Bigfoot, mythology, and you



Bigfoot:  The Yeti and Sasquatch in Myth and Reality, John Napier, Dutton, 1973

One of the first scientists to seriously investigate the Bigfoot phenomenon, primatologist John R. Napier published Bigfoot: The Yeti and Sasquatch in Myth and Reality in 1973.  It seems to be out of print, which is a shame, but is readily available for reasonable prices online.  I’ve recently read the book — or most of it; sorry Yeti, I kinda skipped most of your chapters (let’s be honest.  I live in the U.S. so might encounter Bigfoot at some point, but I’m probably never going to be in Nepal).  It’s well worth a look not only for its examination of the infamous cases of the “Cripple Foot,” Minnesota Iceman, and Patterson-Gimlin film, but especially for its discussion of the role of legend and mythmaking in human society.  Napier gives all the evidence a very fair shake, but he also values myth for myth’s sake, as do I.

Food for thought time.  Which is more valuable in the 21st century, the Bigfoot legend and all that it encompasses, or the (theoretical) animal?  Following is an excerpt from the concluding pages of Napier’s book.

I am convinced that the Sasquatch exists, but whether it is all that it is cracked up to be is another matter altogether.  There must be something in north-west America that needs explaining, and that something leaves man-like footprints.  The evidence I have adduced in favour of the reality of the Sasquatch is not hard evidence; few physicists, biologists or chemists would accept it, but nevertheless it is evidence and cannot be ignored.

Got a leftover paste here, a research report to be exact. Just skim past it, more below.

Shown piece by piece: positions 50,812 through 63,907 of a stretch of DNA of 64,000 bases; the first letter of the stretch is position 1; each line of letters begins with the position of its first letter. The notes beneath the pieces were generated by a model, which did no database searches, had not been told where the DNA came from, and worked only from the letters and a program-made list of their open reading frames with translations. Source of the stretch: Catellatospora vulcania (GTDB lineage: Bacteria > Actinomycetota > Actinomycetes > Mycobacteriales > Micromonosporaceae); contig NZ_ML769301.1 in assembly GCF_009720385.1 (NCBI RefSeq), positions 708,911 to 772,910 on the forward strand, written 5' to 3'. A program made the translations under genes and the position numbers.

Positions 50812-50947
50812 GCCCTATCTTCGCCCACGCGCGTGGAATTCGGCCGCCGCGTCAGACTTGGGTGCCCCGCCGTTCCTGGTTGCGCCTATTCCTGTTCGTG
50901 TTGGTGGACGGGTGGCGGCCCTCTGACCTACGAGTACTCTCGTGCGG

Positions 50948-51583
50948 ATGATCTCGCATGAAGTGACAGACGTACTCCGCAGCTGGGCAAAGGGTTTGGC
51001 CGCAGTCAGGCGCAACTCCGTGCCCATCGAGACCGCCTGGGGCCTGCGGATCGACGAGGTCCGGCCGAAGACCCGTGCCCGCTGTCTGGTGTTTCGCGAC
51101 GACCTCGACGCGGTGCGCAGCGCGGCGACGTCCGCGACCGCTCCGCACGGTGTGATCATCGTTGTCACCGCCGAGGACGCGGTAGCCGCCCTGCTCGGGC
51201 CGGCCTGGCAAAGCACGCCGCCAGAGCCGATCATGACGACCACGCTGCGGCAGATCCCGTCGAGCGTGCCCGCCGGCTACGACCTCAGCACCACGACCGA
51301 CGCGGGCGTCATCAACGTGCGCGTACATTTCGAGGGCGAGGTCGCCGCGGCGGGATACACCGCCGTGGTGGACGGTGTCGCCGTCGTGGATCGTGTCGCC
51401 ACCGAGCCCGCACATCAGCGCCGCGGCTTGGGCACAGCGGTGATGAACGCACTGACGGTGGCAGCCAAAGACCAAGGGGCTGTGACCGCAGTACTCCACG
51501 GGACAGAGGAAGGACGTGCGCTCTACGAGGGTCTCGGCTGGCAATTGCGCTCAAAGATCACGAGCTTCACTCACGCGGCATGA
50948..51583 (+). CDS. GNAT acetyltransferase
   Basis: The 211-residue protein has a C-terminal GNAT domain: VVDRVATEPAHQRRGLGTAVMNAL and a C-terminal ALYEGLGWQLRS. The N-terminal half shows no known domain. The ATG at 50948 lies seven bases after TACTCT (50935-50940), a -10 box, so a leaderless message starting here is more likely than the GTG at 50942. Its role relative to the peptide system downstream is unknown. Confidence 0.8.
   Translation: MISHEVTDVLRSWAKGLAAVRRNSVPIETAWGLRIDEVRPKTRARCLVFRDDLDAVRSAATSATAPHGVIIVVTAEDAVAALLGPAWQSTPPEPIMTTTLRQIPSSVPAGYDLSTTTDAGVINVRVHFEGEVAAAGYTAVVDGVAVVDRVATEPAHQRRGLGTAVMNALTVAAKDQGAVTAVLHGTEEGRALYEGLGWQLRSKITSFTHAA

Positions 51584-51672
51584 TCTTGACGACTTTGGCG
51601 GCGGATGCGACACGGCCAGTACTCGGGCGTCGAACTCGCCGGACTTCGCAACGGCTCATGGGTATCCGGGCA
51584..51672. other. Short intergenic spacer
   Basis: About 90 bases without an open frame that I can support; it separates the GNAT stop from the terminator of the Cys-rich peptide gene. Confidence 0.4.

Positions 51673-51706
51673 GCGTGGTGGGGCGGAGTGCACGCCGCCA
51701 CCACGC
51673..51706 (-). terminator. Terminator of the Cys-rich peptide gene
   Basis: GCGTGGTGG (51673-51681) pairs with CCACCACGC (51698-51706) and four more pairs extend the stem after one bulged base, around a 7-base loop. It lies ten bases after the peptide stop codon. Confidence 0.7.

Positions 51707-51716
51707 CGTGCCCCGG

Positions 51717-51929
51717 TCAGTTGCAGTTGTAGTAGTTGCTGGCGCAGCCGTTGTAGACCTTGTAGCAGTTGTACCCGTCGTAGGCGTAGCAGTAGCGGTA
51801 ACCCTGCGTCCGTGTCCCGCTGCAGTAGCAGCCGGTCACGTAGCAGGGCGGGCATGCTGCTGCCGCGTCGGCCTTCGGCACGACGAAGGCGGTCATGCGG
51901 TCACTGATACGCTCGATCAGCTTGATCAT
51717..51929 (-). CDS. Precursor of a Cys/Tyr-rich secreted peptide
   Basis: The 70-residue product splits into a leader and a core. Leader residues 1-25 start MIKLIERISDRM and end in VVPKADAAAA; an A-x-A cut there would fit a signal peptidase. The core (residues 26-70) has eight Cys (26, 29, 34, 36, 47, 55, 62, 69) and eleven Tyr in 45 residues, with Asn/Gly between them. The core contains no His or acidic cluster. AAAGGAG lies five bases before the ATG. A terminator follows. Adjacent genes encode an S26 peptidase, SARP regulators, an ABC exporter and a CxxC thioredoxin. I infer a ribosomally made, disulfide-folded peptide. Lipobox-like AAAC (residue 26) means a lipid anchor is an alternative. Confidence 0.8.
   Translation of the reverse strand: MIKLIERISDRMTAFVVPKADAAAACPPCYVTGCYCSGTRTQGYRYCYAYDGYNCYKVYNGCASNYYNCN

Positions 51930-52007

I have suggested that myth and legend have survival value for mankind, and are therefore subject to natural selection like all physical and many behavioural characteristics of man.  We are far from understanding exactly what the role of a hypothetical myth-gene could be, but perhaps it is connected with man’s highly socialized state.  Bonds and allegiances are the bedrock of our society, as they are of many nonhuman primate societies.  There is the pair-bond of husband and wife, the family-bond, the village-bond and the national-bond; to say nothing of the sex-bond, school-bonds, club-bonds and innumerable, unclassifiable religious and ideological-bonds.  But mankind needs more than bonds, and the comforts of grooming they involve; we need to experience feelings of awe.  Husbands, fathers, elders, statesmen, dictators, presidents, chairmen and grand masters are all very well as god-figures, but they are inadequate because they lack the essential ingredient of remoteness.  Man needs his gods — and his monsters — and the more remote and unapproachable they are, the better….

Perhaps by the time this book is published somebody will have discovered a Bigfoot.  I hope so; but if not, I will happily settle for the myth.


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